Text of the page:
Like pretty much everyone else I feel that the Kindle 2 is in dire need of a user customizable folder system for organizing books. That's the biggest negative for me so far.
The dictionary function is absolutely fantastic and now that I'm accustomed to having it I found it's frustrating to be reading a paper book and not be able to use it!
I didn't think I'd be using the highlight and note features much or at all but actually have been and they're an extremely nice extra. People in book discussion groups would find these to be a huge benefit.
The search function is also surprisingly useful for a wide variety of uses.
I've definitely lost the gadget awareness thing. This is just how I read most books now.
One of the unexpected great things is not having to deal with my bookmark falling out and having to find my place again. Or being able to just set the reader down for a couple minutes without bookmarking or losing my place because I bumped the book and it closed. It's little things like this that really elevate the reading experience.
Yes I'm back to add even more! I can honestly say the Kindle is one of the best purchases I have ever made. I haven't read a paper book in over a year.
The reason for this update is because I now have the 2.5 software upgrade and wanted to comment on it.
As I mentioned previously, the Kindle was in dire need of a way to organize books and documents. We now have it in the form of Collections, which is a tagging system. I think it could have been implemented a bit better, but I don't know what sorts of constraints the designers are under. Even with its limitations it's still a HUGE improvement to the Kindle and corrected the one glaring flaw it had.
The Collections are all managed on the Kindle, no computer or software needed. It's very easy to create (or delete or rename) collections and to move books between them. You can name them whatever you like, have as few or many as you like (or none at all if you don't want them). Books can be put into more than one Collection. You can't make nested or sub-collections. Your collection info is backed up on the Amazon server just like the rest of your book info, such as last page read.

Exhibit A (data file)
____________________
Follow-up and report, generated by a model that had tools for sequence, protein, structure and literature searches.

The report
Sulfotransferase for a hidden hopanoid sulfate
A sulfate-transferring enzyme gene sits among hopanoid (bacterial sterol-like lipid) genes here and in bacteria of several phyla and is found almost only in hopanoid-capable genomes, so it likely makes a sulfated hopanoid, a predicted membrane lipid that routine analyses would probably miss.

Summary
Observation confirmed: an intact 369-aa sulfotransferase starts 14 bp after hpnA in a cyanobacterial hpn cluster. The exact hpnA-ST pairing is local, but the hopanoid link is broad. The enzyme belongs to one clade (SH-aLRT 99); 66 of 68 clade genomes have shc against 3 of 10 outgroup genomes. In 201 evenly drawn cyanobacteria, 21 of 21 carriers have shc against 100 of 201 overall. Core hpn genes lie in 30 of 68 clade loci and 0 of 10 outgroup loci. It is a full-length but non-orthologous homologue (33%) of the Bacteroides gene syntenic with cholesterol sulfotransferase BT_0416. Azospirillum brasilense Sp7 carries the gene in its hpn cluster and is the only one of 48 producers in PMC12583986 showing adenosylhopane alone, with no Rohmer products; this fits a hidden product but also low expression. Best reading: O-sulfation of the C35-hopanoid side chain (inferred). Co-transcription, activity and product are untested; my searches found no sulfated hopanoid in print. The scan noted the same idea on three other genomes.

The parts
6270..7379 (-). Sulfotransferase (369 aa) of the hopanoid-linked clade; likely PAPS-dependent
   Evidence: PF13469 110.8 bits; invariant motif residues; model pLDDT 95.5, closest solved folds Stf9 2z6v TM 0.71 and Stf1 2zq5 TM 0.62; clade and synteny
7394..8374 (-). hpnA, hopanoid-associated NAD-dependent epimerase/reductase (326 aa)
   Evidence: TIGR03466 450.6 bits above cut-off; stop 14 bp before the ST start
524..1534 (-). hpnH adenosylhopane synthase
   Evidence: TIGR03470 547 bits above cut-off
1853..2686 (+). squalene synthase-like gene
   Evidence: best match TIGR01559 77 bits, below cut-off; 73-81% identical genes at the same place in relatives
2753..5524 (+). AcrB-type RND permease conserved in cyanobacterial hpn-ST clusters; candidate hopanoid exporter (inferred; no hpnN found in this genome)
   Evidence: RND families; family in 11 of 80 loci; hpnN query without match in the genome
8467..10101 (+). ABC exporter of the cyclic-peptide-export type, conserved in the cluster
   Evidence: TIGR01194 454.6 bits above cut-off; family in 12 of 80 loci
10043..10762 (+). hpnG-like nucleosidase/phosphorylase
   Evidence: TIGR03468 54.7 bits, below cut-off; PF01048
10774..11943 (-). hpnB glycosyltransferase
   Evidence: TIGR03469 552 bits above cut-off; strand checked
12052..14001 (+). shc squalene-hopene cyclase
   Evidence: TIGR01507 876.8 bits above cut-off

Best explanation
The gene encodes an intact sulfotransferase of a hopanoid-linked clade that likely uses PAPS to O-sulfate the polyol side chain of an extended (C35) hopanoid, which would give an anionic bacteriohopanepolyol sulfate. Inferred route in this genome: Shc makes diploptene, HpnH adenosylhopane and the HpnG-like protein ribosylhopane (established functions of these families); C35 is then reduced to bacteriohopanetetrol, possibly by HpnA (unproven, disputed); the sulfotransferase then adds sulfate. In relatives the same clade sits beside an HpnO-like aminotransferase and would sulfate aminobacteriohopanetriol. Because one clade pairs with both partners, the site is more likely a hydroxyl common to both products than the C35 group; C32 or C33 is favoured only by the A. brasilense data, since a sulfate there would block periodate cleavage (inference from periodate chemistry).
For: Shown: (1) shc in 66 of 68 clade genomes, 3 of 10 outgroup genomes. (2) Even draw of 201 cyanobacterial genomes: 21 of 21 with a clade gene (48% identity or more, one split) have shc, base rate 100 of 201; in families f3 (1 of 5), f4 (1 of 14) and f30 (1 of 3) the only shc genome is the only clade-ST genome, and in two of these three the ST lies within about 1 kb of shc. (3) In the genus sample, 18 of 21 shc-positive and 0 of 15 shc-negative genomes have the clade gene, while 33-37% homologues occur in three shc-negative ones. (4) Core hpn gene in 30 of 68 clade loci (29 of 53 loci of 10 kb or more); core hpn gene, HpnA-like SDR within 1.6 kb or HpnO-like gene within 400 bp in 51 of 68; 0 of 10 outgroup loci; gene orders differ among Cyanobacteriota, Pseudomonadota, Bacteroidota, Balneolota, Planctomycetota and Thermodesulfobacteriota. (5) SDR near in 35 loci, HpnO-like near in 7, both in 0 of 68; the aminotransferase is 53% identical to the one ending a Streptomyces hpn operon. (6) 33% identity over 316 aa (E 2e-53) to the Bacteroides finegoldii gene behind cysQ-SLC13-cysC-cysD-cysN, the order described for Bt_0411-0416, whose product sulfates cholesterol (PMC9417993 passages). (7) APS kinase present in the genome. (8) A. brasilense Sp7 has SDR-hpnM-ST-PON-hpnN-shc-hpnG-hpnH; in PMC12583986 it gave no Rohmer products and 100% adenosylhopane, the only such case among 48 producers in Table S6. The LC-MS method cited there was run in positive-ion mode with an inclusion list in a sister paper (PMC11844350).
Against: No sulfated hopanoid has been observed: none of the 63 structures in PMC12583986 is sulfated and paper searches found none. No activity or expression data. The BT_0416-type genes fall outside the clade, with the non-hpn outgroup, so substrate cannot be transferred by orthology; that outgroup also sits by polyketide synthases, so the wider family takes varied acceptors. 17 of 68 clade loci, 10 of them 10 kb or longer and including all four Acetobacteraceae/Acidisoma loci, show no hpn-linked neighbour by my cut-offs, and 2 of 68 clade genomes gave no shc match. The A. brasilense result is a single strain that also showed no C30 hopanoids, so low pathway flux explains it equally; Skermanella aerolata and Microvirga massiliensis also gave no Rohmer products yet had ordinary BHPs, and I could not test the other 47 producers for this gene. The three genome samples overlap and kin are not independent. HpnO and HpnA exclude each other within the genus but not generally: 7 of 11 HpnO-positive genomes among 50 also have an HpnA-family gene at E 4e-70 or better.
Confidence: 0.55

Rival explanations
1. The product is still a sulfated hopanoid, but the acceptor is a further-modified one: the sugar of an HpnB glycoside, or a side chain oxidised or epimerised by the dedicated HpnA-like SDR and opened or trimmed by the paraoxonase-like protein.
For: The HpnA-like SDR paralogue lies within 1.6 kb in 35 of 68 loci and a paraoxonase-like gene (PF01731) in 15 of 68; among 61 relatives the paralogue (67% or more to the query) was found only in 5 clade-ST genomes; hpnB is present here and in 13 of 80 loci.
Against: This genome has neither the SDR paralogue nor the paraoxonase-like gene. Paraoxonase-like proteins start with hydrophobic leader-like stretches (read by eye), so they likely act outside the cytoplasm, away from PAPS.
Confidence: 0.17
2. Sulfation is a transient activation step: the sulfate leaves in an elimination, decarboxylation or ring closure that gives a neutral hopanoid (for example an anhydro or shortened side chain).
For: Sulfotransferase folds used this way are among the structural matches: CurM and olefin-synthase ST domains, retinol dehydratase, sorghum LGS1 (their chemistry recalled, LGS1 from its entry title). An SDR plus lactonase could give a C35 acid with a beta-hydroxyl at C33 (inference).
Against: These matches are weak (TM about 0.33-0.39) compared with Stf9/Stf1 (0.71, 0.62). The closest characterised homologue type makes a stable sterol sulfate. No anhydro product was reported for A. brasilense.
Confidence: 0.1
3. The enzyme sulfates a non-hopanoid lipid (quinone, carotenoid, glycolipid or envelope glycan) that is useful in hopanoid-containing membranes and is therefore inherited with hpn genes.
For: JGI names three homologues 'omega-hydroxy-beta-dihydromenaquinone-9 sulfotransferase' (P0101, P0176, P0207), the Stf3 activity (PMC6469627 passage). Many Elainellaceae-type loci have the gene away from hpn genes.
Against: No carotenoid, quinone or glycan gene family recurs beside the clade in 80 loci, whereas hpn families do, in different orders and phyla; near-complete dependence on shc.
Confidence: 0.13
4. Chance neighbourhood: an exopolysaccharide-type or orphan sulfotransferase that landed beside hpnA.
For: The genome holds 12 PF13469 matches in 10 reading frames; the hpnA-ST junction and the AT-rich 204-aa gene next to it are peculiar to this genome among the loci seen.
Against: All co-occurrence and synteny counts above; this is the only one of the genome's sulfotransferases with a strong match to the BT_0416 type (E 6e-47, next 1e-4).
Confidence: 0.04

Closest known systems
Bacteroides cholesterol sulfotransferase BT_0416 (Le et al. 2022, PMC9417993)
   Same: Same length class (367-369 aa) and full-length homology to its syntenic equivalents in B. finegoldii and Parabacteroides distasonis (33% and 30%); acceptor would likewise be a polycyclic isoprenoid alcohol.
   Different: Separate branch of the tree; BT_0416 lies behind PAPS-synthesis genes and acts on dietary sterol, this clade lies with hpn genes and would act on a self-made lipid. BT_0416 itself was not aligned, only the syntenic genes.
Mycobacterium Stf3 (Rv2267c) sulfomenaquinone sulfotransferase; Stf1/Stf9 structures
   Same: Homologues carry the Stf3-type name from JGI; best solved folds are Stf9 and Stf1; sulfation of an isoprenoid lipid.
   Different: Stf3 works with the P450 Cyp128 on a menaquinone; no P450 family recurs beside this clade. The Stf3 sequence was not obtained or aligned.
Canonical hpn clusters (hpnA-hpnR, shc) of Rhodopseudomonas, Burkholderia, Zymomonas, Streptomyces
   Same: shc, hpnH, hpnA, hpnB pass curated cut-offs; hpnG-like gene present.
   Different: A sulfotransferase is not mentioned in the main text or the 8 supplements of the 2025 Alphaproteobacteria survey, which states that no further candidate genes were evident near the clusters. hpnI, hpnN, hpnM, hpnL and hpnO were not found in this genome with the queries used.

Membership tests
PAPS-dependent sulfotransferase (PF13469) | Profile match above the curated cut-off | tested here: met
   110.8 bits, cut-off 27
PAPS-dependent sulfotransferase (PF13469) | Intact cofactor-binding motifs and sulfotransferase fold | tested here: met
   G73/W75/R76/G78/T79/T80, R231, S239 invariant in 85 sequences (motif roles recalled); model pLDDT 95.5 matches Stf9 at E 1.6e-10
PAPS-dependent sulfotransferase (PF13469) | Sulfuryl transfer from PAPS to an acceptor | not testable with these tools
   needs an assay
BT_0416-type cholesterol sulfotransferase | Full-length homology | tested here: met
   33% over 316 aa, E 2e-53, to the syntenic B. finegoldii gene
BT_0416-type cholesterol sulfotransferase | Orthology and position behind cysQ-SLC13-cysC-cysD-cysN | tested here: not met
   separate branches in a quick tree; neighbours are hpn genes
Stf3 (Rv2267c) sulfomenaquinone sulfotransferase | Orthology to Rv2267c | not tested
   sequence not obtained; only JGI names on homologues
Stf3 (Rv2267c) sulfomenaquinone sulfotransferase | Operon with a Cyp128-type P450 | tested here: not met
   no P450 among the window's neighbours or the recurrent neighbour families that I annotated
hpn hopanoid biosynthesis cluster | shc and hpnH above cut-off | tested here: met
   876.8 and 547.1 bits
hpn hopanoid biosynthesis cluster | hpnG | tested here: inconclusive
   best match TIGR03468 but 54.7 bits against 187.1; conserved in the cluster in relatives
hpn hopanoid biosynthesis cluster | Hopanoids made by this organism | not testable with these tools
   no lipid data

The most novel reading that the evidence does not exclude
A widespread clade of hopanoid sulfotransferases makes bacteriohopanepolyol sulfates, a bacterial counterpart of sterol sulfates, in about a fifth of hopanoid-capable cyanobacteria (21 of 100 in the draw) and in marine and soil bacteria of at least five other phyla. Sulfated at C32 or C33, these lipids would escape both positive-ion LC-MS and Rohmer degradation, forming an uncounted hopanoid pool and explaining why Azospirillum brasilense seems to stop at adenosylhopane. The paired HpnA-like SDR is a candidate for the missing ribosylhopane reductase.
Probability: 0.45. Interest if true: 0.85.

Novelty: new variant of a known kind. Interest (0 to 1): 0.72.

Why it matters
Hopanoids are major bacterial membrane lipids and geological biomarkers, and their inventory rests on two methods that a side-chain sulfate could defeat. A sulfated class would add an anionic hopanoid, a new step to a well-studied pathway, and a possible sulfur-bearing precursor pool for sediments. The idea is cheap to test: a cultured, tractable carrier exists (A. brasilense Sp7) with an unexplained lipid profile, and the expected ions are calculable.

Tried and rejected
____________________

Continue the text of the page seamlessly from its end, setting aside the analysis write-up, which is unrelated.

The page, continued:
Other features added (all of them are optional):
Password. This is most useful for those who want to keep confidential documents on the Kindle. The password has to be entered to return from sleep mode or to access the Kindle from a computer. That's a bit of a hassle for reading at home, but provides excellent protection when traveling or for other uses.
Social networks. You can now send passages you have highlighted in a book you're reading to your Facebook account or Twitter. (I don't use either of those services, but some who use the feature say it's pretty neat.)
Larger fonts. Two new font sizes were added (for a total of 8). They are Humongous and Gargantuan (my terms). For anyone who has failing eyesight and is in need of text that large I'd recommend getting a DX for the larger screen. On the largest font size on my small Kindle there are only 5-8 words on the entire screen. Yeah, it's that big!
Sharper font display. My Kindle has always had a pretty good display and I never had the problems that some units did with greyish text or lack of contrast. I can discern a small difference though and it's definitely an improvement, most noticeable on the middle font sizes.
PDF Zoom & Scan. To make reading PDFs with teensy print or images easier you can now zoom in and pan around PDF pages. I don't use PDFs so can't report first hand. Others say that while the feature is helpful and a big improvement, it can still be frustrating to try and use PDFs on the Kindle natively.
International browser access. Kindle owners in many other countries report that they now have access to unlimited internet browser use. International users up til now have had no internet access, or only wikipedia access. Amazon never announced this as an added feature, but many of the country information pages have changed, so it must be an intended benefit. Great news for our international Kindle friends!
On the other hand my Kindle 1 annoys me... unintended page changes, the awkward way I sometimes have to hold it to keep from hitting buttons, the sometimes slow page refresh, and the screen freezes that now has me traveling with a paper clip lest I need to do a reset while commuting on the train.
I've had the Kindle 2 in my hands for almost a day and have carried it on one commute. What follows is my "first impressions" review of the Kindle 2 from the perspective of an owner of the original K1. What's different, what's better and what's worse?
5 big things I immediately noticed as different: